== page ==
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Two Oak Grove Middle School teachers dismayed by lack of discipline on campus

By Theresa Harrington
Friday, June 15th, 2012 at 5:17 pm in Education, Mt. Diablo school district.

Substitute teacher Rebecca Richter collects her belongings from Oak Grove MS classroom, after principal terminated her long-term assignment.
After I wrote a story about an Oak Grove Middle School student being choked by a classmate last month, English teacher Bethany Monk and substitute teacher Rebecca Richter contacted me to blow the whistle on what they considered an unsafe environment at the school, where learning is often disrupted and discipline is scarce. Here is a link to my story about what they said:

“The main reason I came forward with this story was to shine light on the school’s bullying and harassment issues, which are not taken very seriously at this school, in many cases,” Monk wrote in an e-mail following publication of the Times story about her concerns. “A few weeks ago, a child was choked at our school. Next time, it could be a stabbing or a bullet. Someone had to say something. It’s my hope that a new and better discipline policy is implemented, and that teachers and students can always feel safe, valued and empowered at school. That was my goal with sharing my experience.”

Rose Lock, assistant superintendent for Student Achievement and School Support in the Mt. Diablo district, said sometimes teachers with poor classroom management skills have more difficulties with student behavior than others. But both Monk and Richter insist they have not had problems managing students at other schools, where they say the “support call” system was implemented effectively by removing disruptive students and getting them the help they needed.

In fact, Monk said she was certified in crisis intervention in the San Ramon Valley school district, when she took a class aimed at helping teachers deal with troubled special education students. Monk also said she went through Navy boot camp, but even that didn’t prepare her for what she encountered at Oak Grove.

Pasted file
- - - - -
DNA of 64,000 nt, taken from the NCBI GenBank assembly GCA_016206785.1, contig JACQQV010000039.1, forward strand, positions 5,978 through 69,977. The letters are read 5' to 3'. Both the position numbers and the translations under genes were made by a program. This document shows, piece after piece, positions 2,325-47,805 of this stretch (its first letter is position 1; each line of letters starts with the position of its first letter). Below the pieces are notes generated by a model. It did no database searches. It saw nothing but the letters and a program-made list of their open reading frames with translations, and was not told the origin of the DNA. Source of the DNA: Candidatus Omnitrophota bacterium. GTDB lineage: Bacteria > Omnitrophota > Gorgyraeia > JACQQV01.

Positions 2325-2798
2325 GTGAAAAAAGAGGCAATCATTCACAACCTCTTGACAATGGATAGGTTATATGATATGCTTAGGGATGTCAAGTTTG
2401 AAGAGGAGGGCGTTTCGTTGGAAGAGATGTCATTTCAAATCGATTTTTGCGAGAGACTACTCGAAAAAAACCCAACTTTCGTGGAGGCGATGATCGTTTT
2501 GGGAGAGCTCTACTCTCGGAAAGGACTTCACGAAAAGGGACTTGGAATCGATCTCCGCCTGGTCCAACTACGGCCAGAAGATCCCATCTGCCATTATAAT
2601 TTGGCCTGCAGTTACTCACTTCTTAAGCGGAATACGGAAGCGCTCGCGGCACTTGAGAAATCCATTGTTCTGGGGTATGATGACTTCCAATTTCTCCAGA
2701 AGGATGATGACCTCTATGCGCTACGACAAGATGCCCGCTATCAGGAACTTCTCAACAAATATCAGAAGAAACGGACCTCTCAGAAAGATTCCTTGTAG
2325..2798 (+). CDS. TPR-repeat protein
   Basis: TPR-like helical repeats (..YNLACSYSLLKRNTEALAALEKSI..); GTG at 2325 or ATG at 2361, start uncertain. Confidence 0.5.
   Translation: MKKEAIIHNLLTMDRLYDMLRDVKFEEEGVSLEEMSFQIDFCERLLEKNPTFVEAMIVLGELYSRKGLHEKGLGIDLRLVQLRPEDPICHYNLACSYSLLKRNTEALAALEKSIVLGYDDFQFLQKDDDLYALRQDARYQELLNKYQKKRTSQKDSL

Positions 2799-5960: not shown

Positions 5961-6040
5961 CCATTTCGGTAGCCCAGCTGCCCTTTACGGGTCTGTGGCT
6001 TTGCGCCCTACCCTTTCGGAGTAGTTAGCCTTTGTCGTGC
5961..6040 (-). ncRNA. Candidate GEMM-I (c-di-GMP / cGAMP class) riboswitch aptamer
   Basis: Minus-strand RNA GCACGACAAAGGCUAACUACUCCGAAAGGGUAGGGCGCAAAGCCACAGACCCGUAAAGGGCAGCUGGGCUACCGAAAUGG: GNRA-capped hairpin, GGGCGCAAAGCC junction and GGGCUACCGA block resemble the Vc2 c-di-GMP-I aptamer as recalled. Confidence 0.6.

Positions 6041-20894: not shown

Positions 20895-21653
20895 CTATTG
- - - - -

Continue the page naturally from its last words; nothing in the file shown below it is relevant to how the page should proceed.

She said she thinks teachers at all Title 1 (low-income) schools should receive this type of training.

“It covered how to use body language, word choice, etc., to help to diffuse a potential crisis situation with a student,” she wrote in an e-mail. “We did group work, including presenting scenarios to the class. We also learned how to do restraints, etc. There was a written test at the end.

I also worked as a counselor for Families First in a group home for severely emotionally disturbed youth ages 6 to 18 back in (around 2000/01), where I also confronted dangerous situations. This training and the San Ramon training really helped prepare me for Oak Grove. Also, my military training helped as well. But none of these things was enough. It’s a different story when you are the only adult in the room full of children, and a crisis is happening or about to happen. That’s a different ball game. We need training on how to deal with crisis in the classroom setting.”

She is concerned about students whose needs may not be met on campus.

“Based on what I have seen at this school, there are some students whose behavior leads me to believe that they need immediate, and possibly intensive and ongoing counseling, beyond what the school is able to provide,” she wrote in an e-mail. “I have seen instances where administrators do help parents find counseling resources, which is great. But is it working? I know students who are struggling so much that it affects their education, and sometimes the education of those around them. In addition, there are students who I firmly believe belong in an entirely different learning environment.”

In a recent school teacher survey, many people described the campus as “chaotic,” she said. After reading an article about the difference between being burned out and demoralized, Monk said she realized she is demoralized.

“It’s like you’re so broken down and so exhausted,” she said. “I have a lot of great students, but it only takes a handful. It just gets to the point where I just feel like I’m so broken down that I can’t even teach.”

Monk said she has taught classes at Ygnacio Valley High in Concord and as a substitute at Riverview Middle School in Bay Point with no problems.

“The kids are so different because they have consequences,” she said of Riverview students. “It is like they’re scared to get in trouble and that’s what we need.”